How to Write an Amazing College Essay: Three Tips for Success

A former admissions committee member outlines some of his best advice for writing a killer college application essay that will not only impress the AdCom, but also get you admitted into your dream school.

By Christian Hansen

September 7, 2022

As a former Associate Director of an MBA Program, Undergraduate Admissions Committee Member, and Financial Aid Counselor, I’ve helped hundreds of students get into their dream schools. The essays are one of the most important aspects of the entire college application, and it’s an area in which many students I’ve worked with have struggled. In this article, I will outline three of my top-secret writing tips that will make your essays shine.

To start, let’s acknowledge the elephant in the room: strategies that work in your high school English class will not work for your college application essays.

Let me explain.

You Are Writing for a Fundamentally Different Environment

In high school, essays have one job: to prove to your teacher that you know the material covered in class. That’s it. And so most students THINK the same strategy applies in their college application essays. The problem is, success in college essays isn’t about being outstanding; it’s about standing out. If your essays are all about proving how clever you are, then you’ll get lost in the noise. Your number one priority should be to influence admissions readers to choose you.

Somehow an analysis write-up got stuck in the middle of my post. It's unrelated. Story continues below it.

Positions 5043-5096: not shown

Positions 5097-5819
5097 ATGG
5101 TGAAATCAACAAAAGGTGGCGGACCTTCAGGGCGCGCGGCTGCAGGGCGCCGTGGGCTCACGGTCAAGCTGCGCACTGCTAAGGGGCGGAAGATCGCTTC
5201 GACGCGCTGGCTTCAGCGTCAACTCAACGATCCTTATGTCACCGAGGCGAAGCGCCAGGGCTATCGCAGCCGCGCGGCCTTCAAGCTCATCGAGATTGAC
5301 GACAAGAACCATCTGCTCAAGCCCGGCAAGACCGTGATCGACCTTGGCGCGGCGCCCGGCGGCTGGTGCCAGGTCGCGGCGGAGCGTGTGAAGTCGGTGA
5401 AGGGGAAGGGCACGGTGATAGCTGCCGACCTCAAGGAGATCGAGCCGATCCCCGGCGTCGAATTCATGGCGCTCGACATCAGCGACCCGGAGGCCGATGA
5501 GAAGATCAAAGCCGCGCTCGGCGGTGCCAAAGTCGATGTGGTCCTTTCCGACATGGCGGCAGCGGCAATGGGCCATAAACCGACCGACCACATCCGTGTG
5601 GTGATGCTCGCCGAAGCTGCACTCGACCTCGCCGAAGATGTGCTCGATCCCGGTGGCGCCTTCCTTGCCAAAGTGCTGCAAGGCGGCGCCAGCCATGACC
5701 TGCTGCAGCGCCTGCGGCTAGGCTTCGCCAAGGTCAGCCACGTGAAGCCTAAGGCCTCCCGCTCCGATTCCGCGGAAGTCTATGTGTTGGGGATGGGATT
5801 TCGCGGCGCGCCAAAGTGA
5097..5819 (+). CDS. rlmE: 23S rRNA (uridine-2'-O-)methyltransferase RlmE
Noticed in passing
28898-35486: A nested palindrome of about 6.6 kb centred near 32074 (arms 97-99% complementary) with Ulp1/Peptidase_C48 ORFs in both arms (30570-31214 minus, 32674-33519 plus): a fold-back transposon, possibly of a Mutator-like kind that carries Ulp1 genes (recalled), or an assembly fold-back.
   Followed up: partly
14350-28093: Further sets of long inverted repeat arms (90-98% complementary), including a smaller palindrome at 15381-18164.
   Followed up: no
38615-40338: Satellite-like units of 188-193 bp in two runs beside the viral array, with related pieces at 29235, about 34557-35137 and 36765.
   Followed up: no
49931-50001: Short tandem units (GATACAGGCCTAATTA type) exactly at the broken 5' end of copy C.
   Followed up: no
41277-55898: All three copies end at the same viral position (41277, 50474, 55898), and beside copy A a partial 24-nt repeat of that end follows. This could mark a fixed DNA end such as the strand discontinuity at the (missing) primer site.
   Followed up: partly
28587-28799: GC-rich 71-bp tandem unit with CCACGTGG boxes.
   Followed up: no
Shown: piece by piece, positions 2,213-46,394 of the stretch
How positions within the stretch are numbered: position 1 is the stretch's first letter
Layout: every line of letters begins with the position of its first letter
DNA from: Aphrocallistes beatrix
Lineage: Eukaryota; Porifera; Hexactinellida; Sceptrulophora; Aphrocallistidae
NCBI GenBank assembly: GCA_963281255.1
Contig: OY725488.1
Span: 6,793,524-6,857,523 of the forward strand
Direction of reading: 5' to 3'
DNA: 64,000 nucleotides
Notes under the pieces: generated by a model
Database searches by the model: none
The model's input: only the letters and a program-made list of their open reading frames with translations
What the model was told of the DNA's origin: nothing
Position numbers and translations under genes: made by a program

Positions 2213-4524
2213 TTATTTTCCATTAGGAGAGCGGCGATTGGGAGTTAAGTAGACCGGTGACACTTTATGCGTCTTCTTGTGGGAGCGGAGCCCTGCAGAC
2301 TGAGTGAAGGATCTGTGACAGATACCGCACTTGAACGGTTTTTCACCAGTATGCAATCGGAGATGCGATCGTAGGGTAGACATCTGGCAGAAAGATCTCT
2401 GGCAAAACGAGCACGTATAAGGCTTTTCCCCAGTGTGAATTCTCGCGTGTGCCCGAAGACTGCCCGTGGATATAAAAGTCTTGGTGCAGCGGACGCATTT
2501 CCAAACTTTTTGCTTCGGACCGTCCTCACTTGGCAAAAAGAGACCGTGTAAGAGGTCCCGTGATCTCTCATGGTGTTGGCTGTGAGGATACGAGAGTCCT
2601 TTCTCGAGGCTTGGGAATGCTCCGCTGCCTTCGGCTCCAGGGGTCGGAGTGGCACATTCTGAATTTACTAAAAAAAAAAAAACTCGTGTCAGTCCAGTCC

This brings me to my first bit of advice.

Tip #1: Get to the point of your essay, and avoid unnecessary fluff. You’ve got less than 5 minutes to leave an impression.

It’s All About Timing.

In high school, your teacher only has one class’s worth of assignments to read (OK, maybe a couple of classes). But, the point is that you’re only competing with 20-30 students for a grade. Don’t get me wrong–that’s still a lot; however, when applying for college, you’re competing against thousands for a select number of spots. It’s a completely different ballgame.

In 2021, UCLA received THE MOST amount of undergrad applications in history: a whopping 137,000 students. That’s as if the entire population of Dayton, Ohio all applied to UCLA at the same time.

Well, that number is deceiving because it is standard practice in admissions to review every single application TWICE. So the UCLA Admissions team doesn't have 137,000 reviews to complete, they REALLY have 274,000 applications to review one by one! Does every college have similar eye-wateringly-high application numbers? No, but they commonly run into the tens of thousands. Hence, to cope with this deluge of essays, colleges often hire seasonal readers who are paid for each application that they review. That means they are incentivized to read apps as quickly as possible.

In one interview, a seasonal reader commented that he regularly gets through 100 apps a day. 100! If you do the math, that comes to less than five minutes spent on each application. If you knew that your application would be reviewed in less than five minutes, would it change how you write?

Tip #2: Make sure each of your essays follows a narrative format, and be candid and open about your experiences.